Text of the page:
I have a workout journal (that I've kept for years), so I started writing down the workout I'm going to do. My coaches post programming the night before so sometimes I peek at that for workout inspiration. I get the equipment I need out (which is usually just a pair of dumbbells, a jump rope, or a chair), I lay my clothes out in the bathroom, and make sure I have socks, sneakers, and a filled water bottle ready to go. Then all I need to do in the morning is wake up, get dressed, put on some music, and get moving.

Getty | mapodile

I Keep It Simple

I no longer have the competition of other people doing burpees faster than me or lifting heavier weights to push me, and that's part of the reason I was so upset about not being able to go to my gym. I was worried that I wasn't going to be able to maintain the same level of fitness I built up over the years because I didn't have that community motivation. I also don't have access to the same equipment and hardcore workouts — barbell and rower, I miss you!

Then I finally said, "who cares?" I realized that something was better than nothing, and that my workouts right now are serving a different purpose. They need to be more gentle and simple in order for me to feel inspired to do them, and they need to make me feel better, not worse.

That first week back to working out, aside from a few early morning workouts, I also did a lot of walking. I committed to walking three miles a day because this was something I knew I could stick too. Taking two walks with my family became a new daily habit, and I could even walk inside if it was raining (I hooked an old treadmill up to my standing desk.) I also felt more inspired to do 10 minutes here and there of yoga because quietly stretching just felt so good, and was another thing I could do while my kids and dogs crawled all over me with my family.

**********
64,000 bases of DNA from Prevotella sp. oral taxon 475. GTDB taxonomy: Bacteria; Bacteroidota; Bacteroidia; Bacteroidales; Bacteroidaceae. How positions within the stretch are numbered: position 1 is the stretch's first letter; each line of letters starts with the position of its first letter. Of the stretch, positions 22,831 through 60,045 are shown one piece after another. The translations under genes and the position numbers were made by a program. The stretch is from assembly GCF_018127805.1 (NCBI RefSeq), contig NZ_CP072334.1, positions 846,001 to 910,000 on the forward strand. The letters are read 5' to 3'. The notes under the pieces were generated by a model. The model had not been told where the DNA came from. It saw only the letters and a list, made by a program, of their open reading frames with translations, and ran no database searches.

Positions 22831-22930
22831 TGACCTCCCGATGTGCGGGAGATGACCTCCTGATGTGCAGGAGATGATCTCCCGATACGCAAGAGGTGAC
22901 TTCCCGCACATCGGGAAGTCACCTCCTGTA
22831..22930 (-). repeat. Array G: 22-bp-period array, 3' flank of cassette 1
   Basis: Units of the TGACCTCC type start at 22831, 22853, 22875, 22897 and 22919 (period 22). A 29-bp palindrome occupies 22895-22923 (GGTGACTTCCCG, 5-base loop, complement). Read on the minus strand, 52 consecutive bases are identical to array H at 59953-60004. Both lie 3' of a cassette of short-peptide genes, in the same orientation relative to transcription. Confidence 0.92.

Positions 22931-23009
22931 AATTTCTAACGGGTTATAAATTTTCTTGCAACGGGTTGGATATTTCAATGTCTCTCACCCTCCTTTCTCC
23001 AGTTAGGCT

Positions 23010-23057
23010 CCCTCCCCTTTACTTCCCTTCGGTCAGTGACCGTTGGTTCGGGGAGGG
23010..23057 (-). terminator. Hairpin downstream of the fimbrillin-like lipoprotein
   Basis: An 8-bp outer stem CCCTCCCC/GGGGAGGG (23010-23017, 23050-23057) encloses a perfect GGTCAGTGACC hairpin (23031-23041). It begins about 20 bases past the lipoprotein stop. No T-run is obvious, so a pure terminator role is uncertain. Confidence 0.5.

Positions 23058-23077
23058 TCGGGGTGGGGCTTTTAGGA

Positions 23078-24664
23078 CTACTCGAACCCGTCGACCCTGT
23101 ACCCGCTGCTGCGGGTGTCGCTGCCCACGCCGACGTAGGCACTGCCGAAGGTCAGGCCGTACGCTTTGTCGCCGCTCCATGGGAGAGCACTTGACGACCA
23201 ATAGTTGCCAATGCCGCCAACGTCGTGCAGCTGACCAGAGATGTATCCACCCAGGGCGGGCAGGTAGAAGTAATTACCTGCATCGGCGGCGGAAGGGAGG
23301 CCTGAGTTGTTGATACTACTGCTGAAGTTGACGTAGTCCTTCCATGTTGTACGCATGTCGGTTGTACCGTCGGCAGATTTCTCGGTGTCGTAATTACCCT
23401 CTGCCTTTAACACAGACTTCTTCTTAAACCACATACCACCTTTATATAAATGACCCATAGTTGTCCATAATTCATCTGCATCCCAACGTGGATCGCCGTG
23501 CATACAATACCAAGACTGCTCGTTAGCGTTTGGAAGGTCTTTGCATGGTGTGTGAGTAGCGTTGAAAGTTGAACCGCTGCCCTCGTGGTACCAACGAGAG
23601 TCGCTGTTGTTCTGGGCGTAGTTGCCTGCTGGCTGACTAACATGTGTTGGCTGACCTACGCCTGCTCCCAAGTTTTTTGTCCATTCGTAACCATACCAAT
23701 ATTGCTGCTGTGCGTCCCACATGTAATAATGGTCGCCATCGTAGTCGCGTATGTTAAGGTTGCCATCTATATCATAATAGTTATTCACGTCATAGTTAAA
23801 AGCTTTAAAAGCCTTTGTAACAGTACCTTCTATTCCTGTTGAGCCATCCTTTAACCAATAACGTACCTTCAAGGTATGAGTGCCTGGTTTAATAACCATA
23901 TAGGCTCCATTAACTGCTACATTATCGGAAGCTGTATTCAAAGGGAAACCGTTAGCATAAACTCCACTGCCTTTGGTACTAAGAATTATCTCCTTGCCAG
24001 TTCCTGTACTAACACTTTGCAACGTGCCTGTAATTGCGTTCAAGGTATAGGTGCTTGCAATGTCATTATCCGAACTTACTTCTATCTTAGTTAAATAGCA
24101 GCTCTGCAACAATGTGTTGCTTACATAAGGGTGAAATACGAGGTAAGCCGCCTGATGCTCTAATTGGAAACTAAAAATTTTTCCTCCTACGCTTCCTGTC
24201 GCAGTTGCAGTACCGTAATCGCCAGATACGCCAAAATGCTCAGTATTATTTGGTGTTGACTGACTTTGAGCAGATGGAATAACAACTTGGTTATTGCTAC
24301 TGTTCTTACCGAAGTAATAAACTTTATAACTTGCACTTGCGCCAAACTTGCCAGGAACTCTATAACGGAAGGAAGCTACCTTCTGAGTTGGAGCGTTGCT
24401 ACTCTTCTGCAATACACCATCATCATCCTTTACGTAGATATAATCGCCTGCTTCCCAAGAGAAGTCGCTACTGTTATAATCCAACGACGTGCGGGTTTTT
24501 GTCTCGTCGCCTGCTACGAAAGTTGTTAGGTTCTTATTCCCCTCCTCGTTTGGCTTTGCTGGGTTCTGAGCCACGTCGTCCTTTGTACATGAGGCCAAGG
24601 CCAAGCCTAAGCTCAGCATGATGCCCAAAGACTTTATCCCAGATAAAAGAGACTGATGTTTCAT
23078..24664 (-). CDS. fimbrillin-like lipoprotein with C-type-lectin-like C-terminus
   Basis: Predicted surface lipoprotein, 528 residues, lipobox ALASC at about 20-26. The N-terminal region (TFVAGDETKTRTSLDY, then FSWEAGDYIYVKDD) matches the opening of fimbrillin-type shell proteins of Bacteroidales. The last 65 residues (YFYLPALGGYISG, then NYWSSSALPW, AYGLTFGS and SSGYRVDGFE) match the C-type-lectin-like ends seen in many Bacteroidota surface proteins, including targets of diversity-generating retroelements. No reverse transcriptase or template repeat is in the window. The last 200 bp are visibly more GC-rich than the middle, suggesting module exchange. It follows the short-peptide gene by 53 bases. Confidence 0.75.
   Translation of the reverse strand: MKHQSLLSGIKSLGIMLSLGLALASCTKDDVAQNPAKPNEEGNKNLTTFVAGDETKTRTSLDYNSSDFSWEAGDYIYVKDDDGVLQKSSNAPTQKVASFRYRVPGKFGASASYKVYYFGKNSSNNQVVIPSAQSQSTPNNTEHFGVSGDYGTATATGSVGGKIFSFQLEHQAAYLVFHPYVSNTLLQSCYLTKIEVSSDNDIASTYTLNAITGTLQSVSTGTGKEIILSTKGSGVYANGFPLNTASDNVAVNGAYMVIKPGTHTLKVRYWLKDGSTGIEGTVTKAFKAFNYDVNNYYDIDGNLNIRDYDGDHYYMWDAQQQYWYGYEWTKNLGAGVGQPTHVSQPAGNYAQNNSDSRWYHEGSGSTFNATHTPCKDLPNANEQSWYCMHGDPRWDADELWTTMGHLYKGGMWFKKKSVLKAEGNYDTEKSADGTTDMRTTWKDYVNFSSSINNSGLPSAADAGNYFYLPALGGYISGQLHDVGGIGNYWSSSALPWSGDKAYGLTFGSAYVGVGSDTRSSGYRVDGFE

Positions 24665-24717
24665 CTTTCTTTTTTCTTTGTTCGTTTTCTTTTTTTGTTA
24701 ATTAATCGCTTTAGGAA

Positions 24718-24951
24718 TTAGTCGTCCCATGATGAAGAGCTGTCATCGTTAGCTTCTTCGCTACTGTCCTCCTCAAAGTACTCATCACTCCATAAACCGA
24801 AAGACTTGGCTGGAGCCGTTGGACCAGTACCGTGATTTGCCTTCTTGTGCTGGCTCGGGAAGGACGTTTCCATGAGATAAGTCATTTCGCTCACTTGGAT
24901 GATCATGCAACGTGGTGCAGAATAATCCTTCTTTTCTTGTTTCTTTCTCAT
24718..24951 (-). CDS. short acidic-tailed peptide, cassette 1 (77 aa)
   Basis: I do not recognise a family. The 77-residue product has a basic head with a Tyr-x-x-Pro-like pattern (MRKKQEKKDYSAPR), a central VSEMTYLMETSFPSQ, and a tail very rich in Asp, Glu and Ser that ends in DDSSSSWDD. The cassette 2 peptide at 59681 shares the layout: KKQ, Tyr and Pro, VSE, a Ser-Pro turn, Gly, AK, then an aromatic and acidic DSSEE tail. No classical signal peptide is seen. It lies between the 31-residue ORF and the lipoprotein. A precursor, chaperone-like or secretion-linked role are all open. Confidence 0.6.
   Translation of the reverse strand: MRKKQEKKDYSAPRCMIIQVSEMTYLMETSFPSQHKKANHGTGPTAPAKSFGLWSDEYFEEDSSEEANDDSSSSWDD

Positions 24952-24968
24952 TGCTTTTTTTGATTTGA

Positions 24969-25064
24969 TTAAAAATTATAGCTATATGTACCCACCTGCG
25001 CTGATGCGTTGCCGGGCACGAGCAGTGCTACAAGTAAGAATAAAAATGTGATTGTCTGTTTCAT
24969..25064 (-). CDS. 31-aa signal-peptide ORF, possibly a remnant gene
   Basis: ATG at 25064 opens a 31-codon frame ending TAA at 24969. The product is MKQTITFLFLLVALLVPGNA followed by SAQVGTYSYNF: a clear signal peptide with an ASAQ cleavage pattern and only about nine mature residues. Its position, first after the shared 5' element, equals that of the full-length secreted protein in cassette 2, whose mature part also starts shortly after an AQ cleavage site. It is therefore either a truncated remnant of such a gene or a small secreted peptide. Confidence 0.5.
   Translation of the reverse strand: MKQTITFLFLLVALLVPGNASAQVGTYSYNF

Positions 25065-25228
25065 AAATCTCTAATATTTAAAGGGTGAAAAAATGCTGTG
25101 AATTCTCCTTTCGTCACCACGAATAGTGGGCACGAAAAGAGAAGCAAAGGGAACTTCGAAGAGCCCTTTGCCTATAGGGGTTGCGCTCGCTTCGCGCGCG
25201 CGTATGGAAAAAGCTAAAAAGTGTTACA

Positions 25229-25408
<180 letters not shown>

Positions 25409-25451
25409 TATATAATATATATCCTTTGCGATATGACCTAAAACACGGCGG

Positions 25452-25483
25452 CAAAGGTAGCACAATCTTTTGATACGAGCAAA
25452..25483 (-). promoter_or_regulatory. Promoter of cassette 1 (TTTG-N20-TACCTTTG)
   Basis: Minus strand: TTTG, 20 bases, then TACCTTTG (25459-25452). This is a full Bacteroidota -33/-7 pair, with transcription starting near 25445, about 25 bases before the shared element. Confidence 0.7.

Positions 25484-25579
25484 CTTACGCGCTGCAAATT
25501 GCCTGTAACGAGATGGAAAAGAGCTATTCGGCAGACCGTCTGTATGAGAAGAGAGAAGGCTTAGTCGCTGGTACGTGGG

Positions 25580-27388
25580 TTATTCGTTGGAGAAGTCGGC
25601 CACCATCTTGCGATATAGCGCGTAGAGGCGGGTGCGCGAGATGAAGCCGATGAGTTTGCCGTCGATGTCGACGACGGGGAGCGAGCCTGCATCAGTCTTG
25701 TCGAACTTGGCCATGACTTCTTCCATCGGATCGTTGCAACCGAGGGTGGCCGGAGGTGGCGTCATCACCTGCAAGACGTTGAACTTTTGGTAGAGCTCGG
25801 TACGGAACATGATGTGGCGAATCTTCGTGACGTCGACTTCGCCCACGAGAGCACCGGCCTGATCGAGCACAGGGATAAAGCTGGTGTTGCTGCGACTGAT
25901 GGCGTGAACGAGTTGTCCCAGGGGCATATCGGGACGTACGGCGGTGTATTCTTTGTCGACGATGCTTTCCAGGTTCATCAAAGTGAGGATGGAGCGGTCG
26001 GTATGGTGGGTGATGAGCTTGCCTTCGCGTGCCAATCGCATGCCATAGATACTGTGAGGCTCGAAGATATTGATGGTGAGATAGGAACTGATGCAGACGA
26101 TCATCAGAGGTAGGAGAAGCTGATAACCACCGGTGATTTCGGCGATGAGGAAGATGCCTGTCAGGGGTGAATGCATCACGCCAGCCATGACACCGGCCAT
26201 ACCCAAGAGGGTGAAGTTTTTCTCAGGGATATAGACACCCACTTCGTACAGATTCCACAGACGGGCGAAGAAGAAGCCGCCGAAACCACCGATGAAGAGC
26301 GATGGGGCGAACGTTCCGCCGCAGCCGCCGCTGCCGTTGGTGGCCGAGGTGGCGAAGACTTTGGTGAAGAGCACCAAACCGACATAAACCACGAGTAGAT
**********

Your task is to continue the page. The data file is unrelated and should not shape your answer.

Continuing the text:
When I feel inspired to do a 45-minute workout in the morning, I keep those very basic and not nearly as intense as the CrossFit workouts I used to do. I begin with a five-minute yoga warmup, then a 20-minute EMOM workout, choosing just four or five moves, doing 45 seconds of each with a 15-second rest. For example, I'll do burpees, dumbbell deadlifts, plank slider walks, dumbbell step-ups, and shoulder presses. After that I do four rounds of five assisted pull-ups, 10 push-ups, and 15 V-ups. These are three movements I've decided to focus on as a personal challenge to see how strong I get — this helps motivate me to wake up! Then I follow up with some yoga. It's simple, easy to follow, and although I'm working my body, the simplicity of the workout acts as a sort of meditation to let my thoughts just settle.

I Stay Positive

Where I live, social distancing needs to happen through the middle of May, but I've mentally prepared myself that it could be extended. And although I still have my moments where something will set me off and bring me to tears, I'm trying to stay positive, remembering to take it one day at a time. These morning workouts for the past three weeks have been so good for my mental health. But if I'm too tired and want to sleep in, or I get interrupted by one of my kids who wants me to read them a story or make them banana pancakes, my workout doesn't happen and I'm OK with that.

I know this is only temporary, and because my family and I are healthy, I just feel so overwhelmingly grateful that I don't get upset about missing a workout. Tomorrow is another day, and another opportunity to do burpees or some sun salutations. When I look back at this time in my life, I don't want to remember how stressed I was because I didn't work out. I want to picture all the special moments I shared with my family, and how for once in my life, it was OK to slow down and enjoy the little things.